Luna Ryan was born in the Netherlands and has lived in Australia since 1984. In 1987 she enrolled at the then Canberra School of Art, Glass workshop, headed by Klaus Moje. She obtained her Bachelor of Arts in 1990, and received the Australian National University Award. Since graduating Ryan has run a full studio based art practice as well as conducting field trips overseas and around Australia. From 2001 until 2008 she was based at ANCA [Australian National Capital Artists], studios in Canberra. During this time she worked in collaboration with Tiwi Artist Jock Puautjimi, which resulted in a National travelling exhibition Mamana Mamanta( Gradual Friendship). She has exhibited widely in Australia having had 3 solo exhibitions and has been a regular attendee at major glass conferences in Australia and overseas. Over the last few years Ryan has been using recycled/found objects and recycled televisions screens in her art works. At present Ryan is working from and teaching at the Canberra Glass Works.
Bridget Thomas graduated from ANU and since then has been working in Canberra for different local artists primarily as a cold worker. She also works in her mothers studio up north on large architectural glass commissions. She has been teaching at the Canberra Glassworks for a couple of years, teaching kiln forming, casting, beads and cold-working classes for adults and kiln forming and casting classes for kids. Her own work has been centered around social issues, using all manner of techniques to suit the ideas. Bridget has focused in kiln forming and mould making, often using the human body and other animals as her models, while making a mixture of sculptural and installation pieces.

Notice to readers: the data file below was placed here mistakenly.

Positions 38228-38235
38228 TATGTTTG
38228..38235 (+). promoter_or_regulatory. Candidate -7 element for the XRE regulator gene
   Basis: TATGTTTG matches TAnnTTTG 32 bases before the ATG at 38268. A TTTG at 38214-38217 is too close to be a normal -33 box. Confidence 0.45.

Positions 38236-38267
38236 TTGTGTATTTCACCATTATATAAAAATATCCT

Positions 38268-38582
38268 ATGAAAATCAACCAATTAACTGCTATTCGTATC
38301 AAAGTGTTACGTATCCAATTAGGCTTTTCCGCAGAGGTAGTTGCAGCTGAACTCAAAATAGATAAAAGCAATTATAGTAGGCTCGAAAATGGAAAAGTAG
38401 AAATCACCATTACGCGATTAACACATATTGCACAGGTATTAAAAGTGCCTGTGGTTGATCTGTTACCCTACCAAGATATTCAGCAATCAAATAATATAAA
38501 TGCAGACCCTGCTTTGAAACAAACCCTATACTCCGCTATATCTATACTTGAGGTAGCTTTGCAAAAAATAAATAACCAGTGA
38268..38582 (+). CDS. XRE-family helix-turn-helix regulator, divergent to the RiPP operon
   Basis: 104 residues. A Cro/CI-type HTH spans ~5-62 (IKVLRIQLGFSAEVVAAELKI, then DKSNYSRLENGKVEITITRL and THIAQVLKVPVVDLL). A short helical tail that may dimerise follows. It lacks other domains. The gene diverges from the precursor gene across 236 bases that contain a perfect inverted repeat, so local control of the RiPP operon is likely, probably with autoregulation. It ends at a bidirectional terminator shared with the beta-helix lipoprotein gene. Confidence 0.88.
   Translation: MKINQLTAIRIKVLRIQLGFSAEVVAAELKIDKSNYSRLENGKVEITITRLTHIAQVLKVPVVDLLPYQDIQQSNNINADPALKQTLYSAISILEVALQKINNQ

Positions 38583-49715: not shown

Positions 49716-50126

Melinda Willis graduated from South Australian School of Art, the University of South Australia in 2008. During this time she developed an interest in investigating the effect of reflection in glass in the urban landscape. Her work was selected for inclusion as a finalist for the international Bullseye E-Merge competition in 2008 and in 2009; her work entitled Within/Without was selected for the international peer reviewed journal, New Glass Review. After graduating from the South Australian School of Art she relocated to Canberra to undertake Honours at the Australian National University where she graduated with First Class Honours and was awarded the 2010 Canberra Glassworks Residency Award and the 2012 Thomas Foundation Artist in Residency Award.